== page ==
I promise anyone reading, you'll slowly learn to love it.

    And second to that. The foundations behind software like Emacs are principled.

    4 votes
  5. vord
    Link
    For me personally, I never really dove into Emacs simply because it had a much steeper initial learning curve to do the basics, and not every server I worked had it pre-installed (hence Vim's...

    For me personally, I never really dove into Emacs simply because it had a much steeper initial learning curve to do the basics, and not every server I worked had it pre-installed (hence Vim's mandatory user growth). For building a user base, ease of on-boarding is king. Vim does that pretty well, as 4 commands can get you going and the power can come easily with time. VSCode shot to popularity in part because it was very easy to become productive enough very quickly.

    3 votes
  6. [8]
    anahata
    Link
    The gatekeeping by RMS here is staggering. And then more from others: Yeah, you are saying that emacs is only for a snooty elite when you say that, you just don't realize it because you're blinded...

    The gatekeeping by RMS here is staggering.

    Perhaps we should implement a mode that puts cosmetics on Emacs so it will appeal to those who judge by the surface of things.

    The code to interface Emacs to X-based GUIs needs rewriting by an expert, and has needed it for decades. Until it gets that rewrite, changes in it are likely to break something.

    And then more from others:

    Yes, make Emacs appealing and user friendly. But don't forget that a masterful tool in the end requires mastery, which can't come for free. I certainly draw the line at saying Emacs is for everyone. I'm not saying it's only for some sort of snooty "elite" but I am saying that it's for those who are willing to learn, seeing some extra work as the aforementioned long-term investment, and who have the patience reach a worthy goal a little later rather than right this very minute.

    Yeah, you are saying that emacs is only for a snooty elite when you say that, you just don't realize it because you're blinded by your own privilege. And of course RMS agreed with this. There's also a lot of "sure, someone can do this, but it's definitely not me".

    All of this reminds me a lot of another older open source software community that's declining: Perl. Lots of gatekeeping and "we cannot change how we've been doing things for 30 years because we might break 30 year old code". No, really, words to that effect have been posted many times to the developer mailing list. The Perl community is pathologically afraid of breaking backwards compatibility and is convinced that its way of doing things is the One True Way™ (ironic for a language whose motto is "There's More Than One Way To Do It"). Like its barebones approach to object orientation (which isn't, really, in a number of ways; Rust is more OO than Perl). Lots of middle-age white men who don't want to change because they don't want to change, and they expect others to fix all the problems they see.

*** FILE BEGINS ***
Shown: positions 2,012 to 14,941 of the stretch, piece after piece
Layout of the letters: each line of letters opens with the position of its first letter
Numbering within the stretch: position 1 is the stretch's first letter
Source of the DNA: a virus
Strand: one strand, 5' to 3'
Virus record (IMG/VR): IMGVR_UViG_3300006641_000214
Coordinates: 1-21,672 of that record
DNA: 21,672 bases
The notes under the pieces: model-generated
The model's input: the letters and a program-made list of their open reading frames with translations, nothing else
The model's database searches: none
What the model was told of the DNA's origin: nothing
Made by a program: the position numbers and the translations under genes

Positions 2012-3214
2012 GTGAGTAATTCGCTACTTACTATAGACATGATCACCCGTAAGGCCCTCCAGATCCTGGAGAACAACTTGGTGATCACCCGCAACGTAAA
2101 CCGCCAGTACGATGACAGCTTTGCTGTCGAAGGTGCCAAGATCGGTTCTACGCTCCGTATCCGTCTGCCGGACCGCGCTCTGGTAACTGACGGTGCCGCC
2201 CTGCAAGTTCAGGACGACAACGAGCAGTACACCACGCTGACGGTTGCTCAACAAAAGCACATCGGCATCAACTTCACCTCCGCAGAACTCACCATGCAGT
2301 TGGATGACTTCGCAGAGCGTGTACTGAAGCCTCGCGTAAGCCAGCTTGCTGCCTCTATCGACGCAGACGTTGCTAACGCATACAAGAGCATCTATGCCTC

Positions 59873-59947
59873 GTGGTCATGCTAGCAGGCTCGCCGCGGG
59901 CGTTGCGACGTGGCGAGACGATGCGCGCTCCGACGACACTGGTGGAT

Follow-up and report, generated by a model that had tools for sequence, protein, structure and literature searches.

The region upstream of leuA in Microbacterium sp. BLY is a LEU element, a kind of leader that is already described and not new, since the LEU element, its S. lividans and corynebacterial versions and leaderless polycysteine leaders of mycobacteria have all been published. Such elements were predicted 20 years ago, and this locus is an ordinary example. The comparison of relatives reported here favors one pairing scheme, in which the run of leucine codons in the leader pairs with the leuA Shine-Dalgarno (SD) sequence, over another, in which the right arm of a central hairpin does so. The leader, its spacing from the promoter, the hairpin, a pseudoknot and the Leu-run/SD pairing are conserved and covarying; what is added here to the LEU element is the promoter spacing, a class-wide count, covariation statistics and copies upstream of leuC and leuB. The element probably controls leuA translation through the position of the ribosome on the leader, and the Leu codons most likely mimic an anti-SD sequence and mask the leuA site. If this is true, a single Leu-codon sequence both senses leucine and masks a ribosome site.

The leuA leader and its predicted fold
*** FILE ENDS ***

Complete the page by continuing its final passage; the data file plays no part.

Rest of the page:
emacs and perl are products of another time, and they refuse to adapt because of the staggering amount of gatekeeping and privilege of their core developers / users. I don't expect either tool to have much currency once the current userbase retires. They're becoming the new COBOL.

    1. [3]
      ohyran
      Link Parent
      I don't really have a bone in this since I'm not a programmer and the little code I do write I tend to just use either Kate or Nano but saying "I don't wanna do this" isn't gatekeeping surely?...

      I don't really have a bone in this since I'm not a programmer and the little code I do write I tend to just use either Kate or Nano but saying "I don't wanna do this" isn't gatekeeping surely? It's someone contributing free time for no other reasons than they want to and in this case don't feel it?

      (the rest though... oof)

      6 votes
      1. [2]
        anahata
        Link Parent
        It's about how they say it and the context in which it's said. If we can agree that the rest is gatekeeping, then saying "let someone else do it" takes on a different meaning for me. "Keep the...

        It's about how they say it and the context in which it's said. If we can agree that the rest is gatekeeping, then saying "let someone else do it" takes on a different meaning for me. "Keep the newbs out, but I guess if they want to do this thing to make it easier for them to use it, they can, but we (the people who are best qualified to do it) aren't going to". It's very much a "let them eat cake, let them help themselves, pull yourself up by your bootstraps" kind of attitude.